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Movement of deep-sea coral populations on climatic timescales
Thiagarajan, N.; Gerlach, D.; Roberts, M.L.; Burke, A.; McNichol, A.; Jenkins, W.J.; Subhas, A.V.; Thresher, R.E.; Adkins, J.F. (2013). Movement of deep-sea coral populations on climatic timescales. Paleoceanography 28(2): 227-236. hdl.handle.net/10.1002/palo.20023

Additional info:
In: Paleoceanography. American Geophysical Union: Washington, DC. ISSN 0883-8305, more
Peer reviewed article  

Available in Authors 

Keyword
    Marine

Authors  Top 
  • Thiagarajan, N.
  • Gerlach, D.
  • Roberts, M.L.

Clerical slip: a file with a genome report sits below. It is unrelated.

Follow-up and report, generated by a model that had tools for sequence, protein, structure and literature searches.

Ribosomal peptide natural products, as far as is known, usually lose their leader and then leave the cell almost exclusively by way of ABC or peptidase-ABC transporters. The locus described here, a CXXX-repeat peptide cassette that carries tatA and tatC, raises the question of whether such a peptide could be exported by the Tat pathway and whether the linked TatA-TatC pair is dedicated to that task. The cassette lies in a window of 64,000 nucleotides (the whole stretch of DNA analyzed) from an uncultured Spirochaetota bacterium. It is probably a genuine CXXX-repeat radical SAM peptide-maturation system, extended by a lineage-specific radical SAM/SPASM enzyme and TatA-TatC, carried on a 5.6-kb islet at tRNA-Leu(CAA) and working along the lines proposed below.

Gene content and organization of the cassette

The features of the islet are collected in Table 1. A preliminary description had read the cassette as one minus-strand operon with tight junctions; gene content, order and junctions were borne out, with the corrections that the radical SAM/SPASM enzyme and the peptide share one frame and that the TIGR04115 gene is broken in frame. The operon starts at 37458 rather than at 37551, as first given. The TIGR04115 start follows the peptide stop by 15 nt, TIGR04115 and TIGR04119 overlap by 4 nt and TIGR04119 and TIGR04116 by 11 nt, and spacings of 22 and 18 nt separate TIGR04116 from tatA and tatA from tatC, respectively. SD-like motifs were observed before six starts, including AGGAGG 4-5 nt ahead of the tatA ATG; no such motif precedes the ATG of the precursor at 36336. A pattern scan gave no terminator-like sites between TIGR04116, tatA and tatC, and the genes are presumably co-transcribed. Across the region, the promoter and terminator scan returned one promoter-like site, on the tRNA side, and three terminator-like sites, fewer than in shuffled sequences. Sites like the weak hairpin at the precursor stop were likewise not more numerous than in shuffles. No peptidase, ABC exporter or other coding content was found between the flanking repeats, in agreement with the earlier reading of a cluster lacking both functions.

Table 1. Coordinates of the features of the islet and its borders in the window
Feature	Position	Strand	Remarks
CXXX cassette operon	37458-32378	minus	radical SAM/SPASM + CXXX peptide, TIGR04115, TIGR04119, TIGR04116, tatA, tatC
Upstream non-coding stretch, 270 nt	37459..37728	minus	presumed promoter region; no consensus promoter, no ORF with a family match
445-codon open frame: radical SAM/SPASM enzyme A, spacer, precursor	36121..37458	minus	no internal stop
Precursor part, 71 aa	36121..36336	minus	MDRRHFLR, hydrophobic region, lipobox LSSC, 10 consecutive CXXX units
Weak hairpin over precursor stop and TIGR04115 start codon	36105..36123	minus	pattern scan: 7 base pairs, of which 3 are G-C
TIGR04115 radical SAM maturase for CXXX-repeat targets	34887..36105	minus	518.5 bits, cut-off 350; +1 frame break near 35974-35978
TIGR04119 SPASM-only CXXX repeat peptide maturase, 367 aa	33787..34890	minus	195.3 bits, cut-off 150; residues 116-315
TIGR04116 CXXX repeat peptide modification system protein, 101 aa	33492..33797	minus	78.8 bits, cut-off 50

• Burke, A.
  • McNichol, A.
  • Jenkins, W.J.
  • Subhas, A.V.
  • Thresher, R.E.
  • Adkins, J.F.

Abstract
    During the past 40,000?years, global climate has moved into and out of a full glacial period, with the deglaciation marked by several millennial-scale rapid climate change events. Here we investigate the ecological response of deep-sea coral communities to both glaciation and these rapid climate change events. We find that the deep-sea coral populations of Desmophyllum dianthus in both the North Atlantic and the Tasmanian seamounts expand at times of rapid climate change. However, during the more stable Last Glacial Maximum, the coral population globally retreats to a more restricted depth range. Holocene populations show regional patterns that provide some insight into what causes these dramatic changes in population structure. The most important factors are likely responses to climatically driven changes in productivity,

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